Will Joe Biden run for reelection in 2024? For several reasons, I believe the answer is no. First and foremost, Biden is simply too old. “Let me put it bluntly,” Mark Leibovich wrote in The Atlantic, “Joe Biden should not run for reelection in 2024. He’s too old.”
Biden is Already the Oldest Person to Serve as President
Biden is 79 years old now. Right now, today, Biden is the oldest person ever to serve as president. Previously, Ronald Reagan was the oldest person to serve as president. But Reagan took office in his late sixties and left at age 77. If Biden were reelected, he would enter his second term at age 82. By the end of Biden’s hypothetical second term, in 2028, he would be 86 years old. That’s irresponsible. At the risk of sounding crude and insensitive, it bears mentioning that for Biden to simply live through a second term, he would need to exceed the American male life expectancy by eight years. But simply living through a second term isn’t quite sufficient is it; America deserves a president with a full complement of mental faculties – and octogenarians commonly suffer from cognitive decline.
Biden is already in cognitive decline. I say that confidently, despite having never personally examined the president, on account of having cross-referenced footage of Biden now, versus footage of Biden throughout his previous five decades of public service. Check out the 2012 Vice Presidential debates between Biden and Paul Ryan. Biden is engaged, articulate, and coherent. Then, consult Biden’s more recent footage. He’s softer, a little murkier in the eyes, less sure of his words. He’s old. Imagine what another six years of comparable decline will look like. That’s not a responsible choice for the President of the United States.
Biden’s Approval Ratings Are Tanking
Second, as if Biden’s upcoming eightieth birthday was not dissuading enough, there’s the question of his electability. Biden’s approval ratings are uniquely atrocious. “Joe Biden approval ratings have sunk to an all-time low in the most recent Gallup Poll,” Ewan Palmer reported for Newsweek, “with just 38 percent of people happy with the job the president is doing.” The Gallup Poll also found that “45 percent of Americans “strongly” disapprove of Biden’s performance” whereas just 13 percent strongly approve. Biden’s approval rating is “the lowest of any president in modern history dating back to Dwight Eisenhower.” The previous record holders, for the lowest approval ratings, were Donald Trump and Jimmy Carter, each tied at 42 percent. Biden’s popularity plummet is especially noteworthy in that he began his presidency with a 57 percent approval rating, suggesting that one-fifth of the country is inclined to like Biden – but still cannot approve of his performance.
Biden’s low approval numbers are inspiring Democrats to look beyond their incumbent for the 2024 election. “A new poll has revealed that a whopping 64 percent of Democratic voters don’t want Joe Biden to run again in 2024,” Greg Norman reported for Fox News. “Just 26 percent of Democrat voters said in the poll that the party should renominate Biden in 2024.” For voters under the age of 30, “an overwhelming 94 percent” polled said, “they want someone else to be the nominee in the 2024 presidential election.”
Can Biden’s Popularity Rebound?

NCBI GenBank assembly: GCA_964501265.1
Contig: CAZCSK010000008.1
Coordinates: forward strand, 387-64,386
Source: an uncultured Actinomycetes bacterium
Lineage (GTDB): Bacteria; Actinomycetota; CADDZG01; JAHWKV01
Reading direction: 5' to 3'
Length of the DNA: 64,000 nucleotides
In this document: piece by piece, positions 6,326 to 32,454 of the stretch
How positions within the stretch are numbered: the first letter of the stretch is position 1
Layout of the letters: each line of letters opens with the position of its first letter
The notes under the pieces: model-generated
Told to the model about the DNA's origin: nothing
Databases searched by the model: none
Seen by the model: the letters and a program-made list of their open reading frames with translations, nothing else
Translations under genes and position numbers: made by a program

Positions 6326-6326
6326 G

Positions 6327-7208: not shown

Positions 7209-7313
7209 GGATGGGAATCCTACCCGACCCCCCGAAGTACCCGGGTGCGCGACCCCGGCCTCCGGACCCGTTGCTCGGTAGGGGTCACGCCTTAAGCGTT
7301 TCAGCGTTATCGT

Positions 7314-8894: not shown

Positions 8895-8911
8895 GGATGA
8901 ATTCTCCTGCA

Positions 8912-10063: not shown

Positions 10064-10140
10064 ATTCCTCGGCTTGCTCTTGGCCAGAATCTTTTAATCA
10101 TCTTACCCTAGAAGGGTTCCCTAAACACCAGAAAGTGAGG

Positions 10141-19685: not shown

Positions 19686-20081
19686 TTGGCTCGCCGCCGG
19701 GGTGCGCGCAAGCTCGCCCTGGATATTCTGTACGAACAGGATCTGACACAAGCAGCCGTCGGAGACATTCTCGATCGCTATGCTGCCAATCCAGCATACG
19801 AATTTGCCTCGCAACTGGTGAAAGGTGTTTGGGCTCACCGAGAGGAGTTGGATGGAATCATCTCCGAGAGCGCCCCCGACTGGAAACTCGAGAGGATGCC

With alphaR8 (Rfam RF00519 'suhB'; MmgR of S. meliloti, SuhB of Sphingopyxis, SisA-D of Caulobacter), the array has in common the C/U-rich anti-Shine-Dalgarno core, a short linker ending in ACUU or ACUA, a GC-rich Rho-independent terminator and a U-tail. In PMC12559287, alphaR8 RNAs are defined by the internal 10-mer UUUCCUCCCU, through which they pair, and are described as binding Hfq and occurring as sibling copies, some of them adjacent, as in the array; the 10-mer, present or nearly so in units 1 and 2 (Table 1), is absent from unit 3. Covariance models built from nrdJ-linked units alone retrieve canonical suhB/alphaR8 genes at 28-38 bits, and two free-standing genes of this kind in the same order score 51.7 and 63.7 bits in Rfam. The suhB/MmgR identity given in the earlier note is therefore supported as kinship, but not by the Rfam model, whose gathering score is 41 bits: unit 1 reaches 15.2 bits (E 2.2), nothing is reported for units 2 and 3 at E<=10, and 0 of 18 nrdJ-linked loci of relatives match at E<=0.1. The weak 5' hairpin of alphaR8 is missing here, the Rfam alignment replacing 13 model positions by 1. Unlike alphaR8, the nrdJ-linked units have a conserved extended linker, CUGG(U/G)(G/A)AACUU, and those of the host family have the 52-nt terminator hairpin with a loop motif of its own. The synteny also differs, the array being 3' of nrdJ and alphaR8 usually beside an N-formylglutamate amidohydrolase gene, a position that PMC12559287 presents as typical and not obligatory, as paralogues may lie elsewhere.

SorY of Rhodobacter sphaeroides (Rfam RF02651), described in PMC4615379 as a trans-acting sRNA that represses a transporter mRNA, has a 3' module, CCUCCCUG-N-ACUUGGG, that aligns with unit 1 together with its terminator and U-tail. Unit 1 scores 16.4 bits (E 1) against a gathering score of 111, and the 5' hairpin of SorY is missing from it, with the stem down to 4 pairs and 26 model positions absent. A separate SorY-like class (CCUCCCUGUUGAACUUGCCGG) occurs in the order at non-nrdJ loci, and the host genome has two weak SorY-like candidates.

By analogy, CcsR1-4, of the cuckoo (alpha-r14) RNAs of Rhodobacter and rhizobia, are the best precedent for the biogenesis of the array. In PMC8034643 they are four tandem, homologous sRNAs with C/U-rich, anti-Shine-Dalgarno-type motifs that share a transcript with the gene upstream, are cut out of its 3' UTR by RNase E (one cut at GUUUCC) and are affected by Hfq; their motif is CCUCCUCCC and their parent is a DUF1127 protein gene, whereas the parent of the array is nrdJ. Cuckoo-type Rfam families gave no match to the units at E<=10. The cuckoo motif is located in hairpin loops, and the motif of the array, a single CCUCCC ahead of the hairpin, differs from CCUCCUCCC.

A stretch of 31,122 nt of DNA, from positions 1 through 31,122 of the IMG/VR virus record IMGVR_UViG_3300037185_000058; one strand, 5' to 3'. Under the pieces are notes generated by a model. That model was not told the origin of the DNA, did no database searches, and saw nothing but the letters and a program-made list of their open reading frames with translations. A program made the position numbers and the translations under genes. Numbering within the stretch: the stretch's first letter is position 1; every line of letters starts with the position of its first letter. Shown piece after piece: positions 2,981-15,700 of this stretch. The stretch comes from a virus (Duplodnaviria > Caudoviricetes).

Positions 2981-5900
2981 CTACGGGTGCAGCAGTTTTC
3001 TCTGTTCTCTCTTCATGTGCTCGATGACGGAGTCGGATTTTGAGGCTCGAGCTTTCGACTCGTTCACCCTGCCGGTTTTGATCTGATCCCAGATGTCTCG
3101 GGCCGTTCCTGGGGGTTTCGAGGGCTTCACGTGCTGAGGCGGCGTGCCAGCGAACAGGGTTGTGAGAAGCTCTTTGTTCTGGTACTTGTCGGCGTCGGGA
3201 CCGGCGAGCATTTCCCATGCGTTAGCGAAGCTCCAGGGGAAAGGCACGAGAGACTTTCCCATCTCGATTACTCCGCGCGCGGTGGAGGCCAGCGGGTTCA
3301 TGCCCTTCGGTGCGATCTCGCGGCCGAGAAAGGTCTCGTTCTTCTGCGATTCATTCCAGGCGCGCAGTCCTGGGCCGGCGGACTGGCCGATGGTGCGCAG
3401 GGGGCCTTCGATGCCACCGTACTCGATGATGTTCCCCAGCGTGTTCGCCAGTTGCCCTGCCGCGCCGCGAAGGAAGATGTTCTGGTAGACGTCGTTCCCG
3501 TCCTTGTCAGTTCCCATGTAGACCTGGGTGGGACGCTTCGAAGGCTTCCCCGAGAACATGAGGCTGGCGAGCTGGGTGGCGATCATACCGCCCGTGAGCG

Still, Biden could rebound. Much of Biden’s unpopularity is owed to inflation – especially with respect to gas prices – and the Supreme Court’s recent Dobbs decision on abortion. If the economy were able to avoid a recession in wake of the Fed’s interest level hikes, Biden could see his approval numbers improve. Gas prices are already trending downwards – slowly, but in the right direction – which bodes well for Biden, too. And this week, Biden got a boost on the abortion front; Kansas voted to protect abortion rights in the state constitution. “Kansas was viewed as a bellwether of how Americans feel in the aftermath of the high court’s decision,” Shirin Ali reported in The Hill, “and despite being a historical conservative stronghold, Kansas voters rejected eliminating abortion access.” Now, four other states – California, Kentucky, Montana, and Vermont – will hold similar referendums on abortion. The Kansas vote to preserve abortion rights gives Democrats hope that state-to-state voters will salvage abortion access, hence allowing national politicians to sidestep any blame for failing to codify – or in Biden’s case, issue executive actions – that protect abortion.
In the event that Biden stays in the race, his unpopularity amongst his own constituents could inspire a primary challenge. An incumbent president hasn’t faced a primary challenge since Senator Ted Kennedy vyed to replace President Jimmy Carter on the 1980 ticket. Carter outlasted Kennedy’s challenge but limped into the general election wounded. In the general election, Ronald Reagan defeated Carter handily. The Kennedy-Carter example may inspire pause amongst potential DNC challengers – but that 94 percent of Democrats under 30 who want an alternative to Biden may just inspire a challenger. Hopefully, it doesn’t come to that, however. Hopefully, Biden just steps aside.
Harrison Kass is the Senior Editor at 19FortyFive. An attorney, pilot, guitarist, and minor pro hockey player, he joined the US Air Force as a Pilot Trainee but was medically discharged. Harrison holds a BA from Lake Forest College, a JD from the University of Oregon, and an MA from New York University. He lives in Oregon and listens to Dokken. Follow him on Twitter @harrison_kass.